Charlottesville, Virginia is a beautiful city. I recall quite vividly taking my children there to visit Monticello, the home of President Thomas Jefferson, a true Renaissance man. It was quite an “enlightening” experience for us to say the least.
The word “enlightening” can also be used to describe the events in Charlottesville on Saturday, August 12th which resulted in an innocent protester allegedly having her life snuffed out by a white supremacist.
The history of heinous acts inflicted on this country by white supremacists can be traced back decades if not centuries and includes lynchings and goes all the way through such events as the Charleston Church massacre and now Charlottesville.
The enlightenment to which I am referring is the hopeful enlightenment of the portion of the electorate that placed Trump in the presidency. It is enlightenment to his clear leanings toward white supremacy as evidenced by so many of his policy positions including Muslim bans and Mexican wall building.
How anyone could actually be surprised that Trump could not bring himself to readily condemn the white supremacist/Neo-Nazi/Ku Klux Klan hate-filled actions in Charlottesville is a mystery to me. Surprised, however, many were.
There should not be any surprise.
If having the likes of Steve Bannon, Sebastian Gorka, and Stephen Miller in his inner circle of advisers is not enough of a clue to his inner thinking then his own words during his campaign should have served as a clear indication regarding how he views violence against anyone not on his bandwagon: “Knock the crap out of him, would you? I promise you I will pay your legal fees.” I’d like to punch him in the face.” “Maybe he should have been roughed up.” “Part of the problem is no one wants to hurt each other anymore.” “I don’t know if I’ll do the fighting myself or if other people will.” “The audience hit back. That’s what we need a little bit more of.” “If you do hurt him, I’ll defend you in court, don’t worry about it.” “I’ll beat the crap out of you.”
It took Trump about an hour to respond via a tweet to the CEO of Merck, Kevin Frazier, deciding to walk out of Trump’s Manufacturing jobs Council in protest to Trump’s response, or rather non-response, to Charlottesville.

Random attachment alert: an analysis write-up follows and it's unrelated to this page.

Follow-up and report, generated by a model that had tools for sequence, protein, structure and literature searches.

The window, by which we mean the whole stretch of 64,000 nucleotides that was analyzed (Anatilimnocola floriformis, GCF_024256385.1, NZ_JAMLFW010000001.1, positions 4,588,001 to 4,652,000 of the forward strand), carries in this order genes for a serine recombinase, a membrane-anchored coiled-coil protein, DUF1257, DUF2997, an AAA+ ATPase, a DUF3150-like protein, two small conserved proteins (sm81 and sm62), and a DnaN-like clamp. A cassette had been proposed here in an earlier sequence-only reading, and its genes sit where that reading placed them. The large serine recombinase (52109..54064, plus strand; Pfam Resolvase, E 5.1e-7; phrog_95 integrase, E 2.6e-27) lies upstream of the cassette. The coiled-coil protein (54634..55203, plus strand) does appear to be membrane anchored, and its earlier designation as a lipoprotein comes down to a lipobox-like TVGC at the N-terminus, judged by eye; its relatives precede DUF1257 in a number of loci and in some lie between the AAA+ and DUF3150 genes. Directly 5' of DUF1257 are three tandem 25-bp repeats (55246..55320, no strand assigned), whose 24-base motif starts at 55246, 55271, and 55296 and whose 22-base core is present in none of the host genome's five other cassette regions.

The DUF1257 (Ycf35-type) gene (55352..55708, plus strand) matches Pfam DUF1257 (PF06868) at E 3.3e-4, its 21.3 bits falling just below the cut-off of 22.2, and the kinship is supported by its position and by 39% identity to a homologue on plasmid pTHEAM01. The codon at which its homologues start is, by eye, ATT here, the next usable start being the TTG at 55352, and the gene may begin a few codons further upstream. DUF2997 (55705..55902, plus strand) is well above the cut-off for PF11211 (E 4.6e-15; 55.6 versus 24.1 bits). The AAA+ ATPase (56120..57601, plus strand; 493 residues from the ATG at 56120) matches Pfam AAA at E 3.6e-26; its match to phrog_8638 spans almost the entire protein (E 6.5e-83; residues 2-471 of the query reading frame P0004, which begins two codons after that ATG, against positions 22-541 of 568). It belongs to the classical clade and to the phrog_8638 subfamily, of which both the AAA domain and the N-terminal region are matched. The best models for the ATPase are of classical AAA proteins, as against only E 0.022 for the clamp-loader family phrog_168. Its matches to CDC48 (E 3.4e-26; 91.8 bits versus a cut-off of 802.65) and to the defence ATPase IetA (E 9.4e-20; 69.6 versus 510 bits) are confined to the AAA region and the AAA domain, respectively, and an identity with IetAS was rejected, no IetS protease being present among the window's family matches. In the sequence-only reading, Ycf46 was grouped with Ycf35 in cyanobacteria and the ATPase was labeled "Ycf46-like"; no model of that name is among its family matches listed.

Trump’s use of tweets to go after the likes of anyone who says anything unflattering about him is too numerous to list here.
How revealing, then, that no such instant response was forthcoming regarding the murder by a white supremacist. Yes, Trump did have an initial response that attempted to blame “many sides” for what occurred in Charlottesville.
This response proved so politically toxic that he was forced to come back two full days later to read, and I do mean read, a prepared text specifically condemning the hate of white supremacists, Neo-Nazis and the Ku Klux Klan.
To say, in his reading, that Trump came over as an ISIS hostage reading a prepared script would probably not do justice to how forced his effort was.
No, the reason Trump could attack Hillary Clinton and Barack Obama for not uttering the specific words “radical Islamic terrorist” but found so much difficulty bringing himself to utter the words “white supremacist terrorist” is simple. He does not want to offend or alienate a specific segment of Trump voters who came out of the shadows to support and vote for him. Let me put it another way.
If, in the aftermath of the horrific events that took place in Charlottesville, one Donald J. Trump took it upon himself as a true leader to say “I not only condemn and deplore the hate-filled actions of such alt-right groups as white supremacists, Neo-Nazis and the Ku Klux Klan BUT I fully reject their support.
Moreover, I sincerely regret anything I may have said or done in the past that may have in any way contributed to these tragic events.” then even I might be able to find it possible to gain an iota of respect for this deplorable man.
I think it safe to say, however, that I don’t expect him ever to bring himself to admit any wrongdoing.
It is not in his make-up, especially the orange one.